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Swiss National Park: A Wondrous Eco Destination

Country: Switzerland
Gateway City: The Swiss National Park visitor center is located in Zernez.
Climate: The Swiss National Park climate is typical of northern alpine regions: dry, low-humidity with strong solar radiation. The Climate can be harshly cold.
Number of visitors per year: Approximately 150,000 people enjoy Swiss National Park every year.


The founding members of Swiss National Park belonged to what is now called the Swiss Academy of Natural Science.  Some members included Fritz and Paul Sarasin, Carl Schröter and Steivan Brunies.  They were concerned about increasing industrialization and the subsequent destruction of the natural environment. 


Swiss National Park is a mountainous climate at an altitude between 1,400 and 3,200 feet above sea level.  Swiss National Park is 28 percent forest; 99.5 percent of that forest is conifer.  Alpine grasslands comprise 21 percent of the park, while 51 percent of the terrain is scree and rocks in high mountainous regions.

Best Season to Visit

The best months to visit Swiss National Park are July and August.  All trails, including those at higher elevations, are accessible.  In May, only trails in the sunnier and lower elevation areas are accessible. Swiss National Park is open from 8:30 a.m. to 6 p.m. June 1 through October 31.  Opening times are limited in winter. 


Swiss National Park is 42,600 acres.


Red Deer Rutting Season

Red Deer, one of the main attractions of Swiss National Park, rut in September and October.  The stags engage in ferocious fights; master stags defend their harems from other stags attempting to invade. 


Red Deer

Red Deer are numerous in Swiss National Park thanks to an ample food supply and tranquility.  Approximately 2,000 Red Deer can be seen throughout the park from June through October.  In mid-October, after the rutting season culminates, they migrate to sunny slopes in the Engadine, Vinschgau and Val Mustair valleys. 


Ibex thrive on mountainsides above the treeline.  Between 250 and 450 Ibex call Swiss National Park home.  This is a considerable environmental achievement, as all Ibex in Graubunden had been exterminated by 1650.  Their flesh and horns were prized for medicinal properties, and they were not afraid of human beings.  Early in the 20th Century, two of the last living Ibex were poached from Italian king Vittorio Emmanuele’s herd and smuggled into Switzerland.  The first Ibex bred from this pair was released in Swiss National Park in 1920. 

Alpine Marmot

Alpine Marmots thrive in the alpine meadows and subalpine grasslands of Swiss National Park.  They create burrows for homes, which they disappear into when predators approach.  Often they use different burrows for summer and winter; the winter burrows are used for hibernating.  An Alpine Marmot family consists of a male, a female and their young.  They do not reproduce every year. 

Golden Eagle

Golden Eagles thrive at Swiss National Park with plenty of nesting sites.  Like Ibex, Golden Eagles are another environmental success story at Swiss National Park; they were nearly exterminated in the early 20th Century, but strict protection measures have helped its numbers rebound considerably.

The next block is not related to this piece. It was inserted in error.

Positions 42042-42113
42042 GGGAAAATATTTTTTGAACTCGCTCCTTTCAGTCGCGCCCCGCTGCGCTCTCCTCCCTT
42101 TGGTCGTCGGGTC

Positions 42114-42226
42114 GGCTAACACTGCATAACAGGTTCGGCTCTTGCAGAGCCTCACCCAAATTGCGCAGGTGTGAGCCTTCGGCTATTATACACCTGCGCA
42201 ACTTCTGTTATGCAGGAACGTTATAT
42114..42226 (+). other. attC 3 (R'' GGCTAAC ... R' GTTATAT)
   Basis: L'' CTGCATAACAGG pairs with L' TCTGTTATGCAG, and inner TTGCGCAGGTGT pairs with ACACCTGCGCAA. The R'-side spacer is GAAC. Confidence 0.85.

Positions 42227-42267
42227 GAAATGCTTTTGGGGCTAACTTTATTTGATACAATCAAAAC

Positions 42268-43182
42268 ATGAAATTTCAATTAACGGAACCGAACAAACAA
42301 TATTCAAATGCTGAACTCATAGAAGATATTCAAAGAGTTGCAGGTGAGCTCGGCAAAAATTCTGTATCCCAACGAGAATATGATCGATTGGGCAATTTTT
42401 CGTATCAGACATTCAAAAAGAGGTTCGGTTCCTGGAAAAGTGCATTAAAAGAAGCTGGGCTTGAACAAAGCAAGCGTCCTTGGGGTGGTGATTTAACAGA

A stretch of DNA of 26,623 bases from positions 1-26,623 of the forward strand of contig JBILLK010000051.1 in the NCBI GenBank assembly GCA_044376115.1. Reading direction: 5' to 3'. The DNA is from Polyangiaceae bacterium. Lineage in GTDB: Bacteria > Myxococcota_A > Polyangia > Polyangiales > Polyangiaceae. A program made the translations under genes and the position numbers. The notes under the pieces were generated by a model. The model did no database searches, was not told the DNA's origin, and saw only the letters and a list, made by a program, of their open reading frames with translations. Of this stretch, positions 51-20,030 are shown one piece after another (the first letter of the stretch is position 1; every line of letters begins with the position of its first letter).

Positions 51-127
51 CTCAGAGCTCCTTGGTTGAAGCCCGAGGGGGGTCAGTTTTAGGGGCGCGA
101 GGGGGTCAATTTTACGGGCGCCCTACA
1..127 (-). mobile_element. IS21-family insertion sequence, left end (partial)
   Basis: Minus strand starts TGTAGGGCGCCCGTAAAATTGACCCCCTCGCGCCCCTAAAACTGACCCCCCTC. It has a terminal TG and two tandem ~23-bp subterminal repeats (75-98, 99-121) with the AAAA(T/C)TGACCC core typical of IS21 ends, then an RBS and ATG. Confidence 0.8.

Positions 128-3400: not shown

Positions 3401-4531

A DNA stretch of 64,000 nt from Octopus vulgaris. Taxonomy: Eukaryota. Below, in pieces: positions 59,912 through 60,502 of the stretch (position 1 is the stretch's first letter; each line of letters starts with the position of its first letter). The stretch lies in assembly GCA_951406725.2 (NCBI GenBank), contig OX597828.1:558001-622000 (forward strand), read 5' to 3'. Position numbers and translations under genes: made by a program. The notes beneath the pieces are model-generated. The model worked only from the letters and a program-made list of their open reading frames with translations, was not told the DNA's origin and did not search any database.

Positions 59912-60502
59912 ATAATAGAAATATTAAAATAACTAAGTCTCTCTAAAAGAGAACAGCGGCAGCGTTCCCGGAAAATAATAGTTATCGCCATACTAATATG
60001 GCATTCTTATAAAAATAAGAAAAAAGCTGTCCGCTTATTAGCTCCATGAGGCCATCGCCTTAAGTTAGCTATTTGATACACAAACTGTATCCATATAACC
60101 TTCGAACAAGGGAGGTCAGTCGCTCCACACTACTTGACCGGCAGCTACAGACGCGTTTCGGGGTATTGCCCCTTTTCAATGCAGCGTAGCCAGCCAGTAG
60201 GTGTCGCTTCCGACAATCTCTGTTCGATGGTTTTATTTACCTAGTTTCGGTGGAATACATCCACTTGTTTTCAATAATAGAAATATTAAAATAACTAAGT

The Nutcracker depends on seeds from the Cembra Pine, which it extracts from the pine cones with its sharp beak.  Nutcrackers hide nuts in scores of hiding places for winter foodstores.  The Nutcracker is featured on the Swiss National Park logo, as it symbolizes living in harmony with the natural world. 



Hiking is the primary activity offered at Swiss National Park.  Many hikes cover considerable distances and range above the treeline.  Nature trails, guided walks and discovery trails for children are also available.  Guided walks are offered on Tuesdays and Thursdays.  Exhibits are also on display, auditorium lectures and an audio guide in five languages are also available. 

 June is a great time for birdwatching.  In July, wildflowers and butterflies abound. 

Camping and campfires are prohibited at  Swiss National Park.  Overnight accommodations are available in the park at Chamanna Cluozza mountain hut and Hotel Il Fuorn.  No skiing is allowed.  Dogs are not allowed, even if leashed. 

Conservation projects

The primary role of the park is to allow nature to develop without the interference of humans.  Swiss National Park is designated as a Category 1 nature reserve by the International Union for the Conservation of Nature, which means that it is under the strictest protection possible as a true wilderness area.

Environmental Sscientific Studies & Research

In addition to strict environmental protection, another of Swiss National Park’s primary roles is research.  Every year, approximately 60 researchers from Switzerland and abroad conduct environmental scientific studies within the park.  Researchers represent research institutes, universities and many fields of environmental study:  botany, hydrology, geology, forestry, geography and zoology.  The research committee was formed in 1916; it is a component of the Swiss Academy of Science.  This academy, formerly known as the Swiss Leage for Nature Protection, created Swiss National Park. 

The Swiss National Park research committee has published 90 documents.  They can be ordered from or Swiss National Park, 7530 Zernez. 

How to donate

Swiss National Park is environmentally categorized as a Globally Important Bird Area.  You can donate to Birdlife International online at or by mailing a check in UK£, US$ or € to:

BirdLife International
Wellbrook Court
Girton Road
United Kingdom

You can help protect the Bearded Vulture by donating to People & the Planet online at

Submitted by denise on Aug 2, 2008